Looking to find a vehicle owner’s details of a Florida (FL) vehicle? Maybe you want to check if the car has ever been in an accident, or perhaps you’re looking to report a bad driver. You aren’t alone. Every 30 seconds, there is a vehicle crash in Florida and the numbers are rising.
Did you know? As per 2020 data, Florida had over 17,712,856 registered vehicles and 17,981,457 licensed drivers, indicating a clear rise in vehicle ownership and movement. However, there were 341,399 vehicle crashes involving 569,182 drivers in the same year, including 92,247 hit-and-run crashes. While the crash statistics are quite close to the national average, those numbers are still mind-boggling.
Florida license plate lookup serves many purposes. Using the lookup tool, one can find vehicle title records, check accident or service history, and find the vehicle owner information (with a valid reason).
1) In the state of Florida, the Florida Highway Safety and Motor Vehicles (or FLHSMV) maintain license plate records. If you have a valid reason (as per the DPPA act), you can directly request licence plate owner details from the DMV. However, make a note that this process is usually the lengthiest.
Here are the contact details of the DMV.
Phone number: (850) 617-2000
Address: License Section, 2900 Apalachee Parkway, Room A312 – MS 65, Tallahassee, Florida 32399.
2) Our website LookupAPlate.com allows you to view basic vehicle information, submit feedback on vehicle owners driving, and request vehicle owner details using our third-party partner.
3) Hire a private investigator or agency to conduct vehicle owner lookup searches. Private investigators have special access to the DMV records and can run a licence plate search with a valid cause.
The Florida license plates measure 6” x 12” (same as standard American plates) and have a Florida state map with citrus orange in the background with myFLORIDA.com (with or without county name) written at the top and “Sunshine State” or “In God We Trust” printed at the bottom. The license plates are made of aluminium, and the tag number is embossed on the plate.
The license plates are issued by the Florida Department of Highway Safety and Motor Vehicles (often referred to as Florida DMV). Besides standard license plates, Florida DMV offers specialty license plates that allow you to show your support for something like the Florida State University Seminoles or the Miami Dolphins. Additionally, Florida also has a personalized license plate option that allows you to pick a registration number of your liking.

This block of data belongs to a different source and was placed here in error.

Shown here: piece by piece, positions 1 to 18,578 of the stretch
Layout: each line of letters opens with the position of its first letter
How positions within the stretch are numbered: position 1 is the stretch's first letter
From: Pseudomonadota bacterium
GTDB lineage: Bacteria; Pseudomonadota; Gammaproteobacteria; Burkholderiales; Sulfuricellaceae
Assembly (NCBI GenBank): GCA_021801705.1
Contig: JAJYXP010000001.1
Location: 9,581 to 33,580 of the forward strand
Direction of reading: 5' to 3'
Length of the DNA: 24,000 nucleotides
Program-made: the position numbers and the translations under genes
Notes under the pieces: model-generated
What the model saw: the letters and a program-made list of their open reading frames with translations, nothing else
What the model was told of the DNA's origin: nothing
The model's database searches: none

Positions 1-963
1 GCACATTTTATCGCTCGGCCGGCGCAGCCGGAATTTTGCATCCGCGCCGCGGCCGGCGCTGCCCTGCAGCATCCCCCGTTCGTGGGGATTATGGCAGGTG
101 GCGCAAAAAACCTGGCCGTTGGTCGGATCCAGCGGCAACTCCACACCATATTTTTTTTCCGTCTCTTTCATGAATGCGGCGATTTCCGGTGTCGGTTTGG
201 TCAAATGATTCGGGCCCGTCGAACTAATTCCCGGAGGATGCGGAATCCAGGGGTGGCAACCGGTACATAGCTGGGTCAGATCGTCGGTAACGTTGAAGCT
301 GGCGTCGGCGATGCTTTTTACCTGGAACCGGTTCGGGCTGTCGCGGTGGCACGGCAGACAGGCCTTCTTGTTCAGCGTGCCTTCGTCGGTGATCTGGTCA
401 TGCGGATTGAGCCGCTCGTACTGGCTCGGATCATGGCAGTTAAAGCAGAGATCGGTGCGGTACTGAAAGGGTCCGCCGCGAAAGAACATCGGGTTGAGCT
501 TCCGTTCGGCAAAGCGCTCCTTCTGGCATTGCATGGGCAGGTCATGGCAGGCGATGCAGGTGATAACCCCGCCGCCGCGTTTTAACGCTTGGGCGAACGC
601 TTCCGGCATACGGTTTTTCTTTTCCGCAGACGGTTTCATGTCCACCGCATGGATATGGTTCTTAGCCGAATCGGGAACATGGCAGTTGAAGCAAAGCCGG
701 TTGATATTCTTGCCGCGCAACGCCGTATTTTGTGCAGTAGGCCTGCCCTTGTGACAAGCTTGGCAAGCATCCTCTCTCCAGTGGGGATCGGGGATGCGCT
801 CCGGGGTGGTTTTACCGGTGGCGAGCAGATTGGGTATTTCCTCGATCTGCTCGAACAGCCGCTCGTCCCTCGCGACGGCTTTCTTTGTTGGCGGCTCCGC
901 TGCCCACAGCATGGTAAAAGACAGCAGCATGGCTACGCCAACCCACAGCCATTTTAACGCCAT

The Florida license plates are six characters in length and follow the following patterns:
Florida law states that your vehicle’s license plate must be attached in a “prominent place” on the rear of your car. The only exception to this is for older vehicles manufactured before July 1, 1972. If you own a car that was made before 1972, it is your choice whether to display a license plate on the back or not.
There is no requirement for the front license plate in Florida. The law only specifies that if a front license plate is present, it must display valid registration information and be firmly attached to the vehicle.
Apart from the common standard plates, the Florida DMV has over 100 specialty plates designs on offer. From supporting charities to showing off your alma mater or affiliation with the military or any organisation, there are plenty of options to choose from.
Additionally, you also have the option of a personalized plate (also known as a vanity plate), where you can pick any combination of 7 characters plus space or a hyphen. This is subject to approval from the state and availability. To check for plate availability, use this link.
SPECIALTY - COLLEGIATE
SPECIALTY - ENVIRONMENTAL/WILDLIFE
SPECIALTY - MILITARY
SPECIALTY - SPORTS
SPECIALTY - SPECIAL INTEREST
SPECIAL - COMMERCIAL VEHICLE
SPECIAL - DISABLED PERSON
Jason Arthur is a data junkie, writer, veteran amateur racecar driver and motorsport photographer. He is the co-founder of LookupaPlate, a collaborative platform to report bad drivers plying on American roads. He is also building a blockchain-based vehicle data marketplace (in stealth mode) and is an adviser to several startups.
Jason has been tracking the automotive industry since the 1990s and has a disturbingly deep obsession with the automotive world, and loves to explore whatever roads he can find. From high-speed racing on the circuit to off-road exploration, Jason has an insatiable appetite for adventure. Jason has written for numerous publications, including Autocar Magazine, Motorsport Magazine, and Road & Track.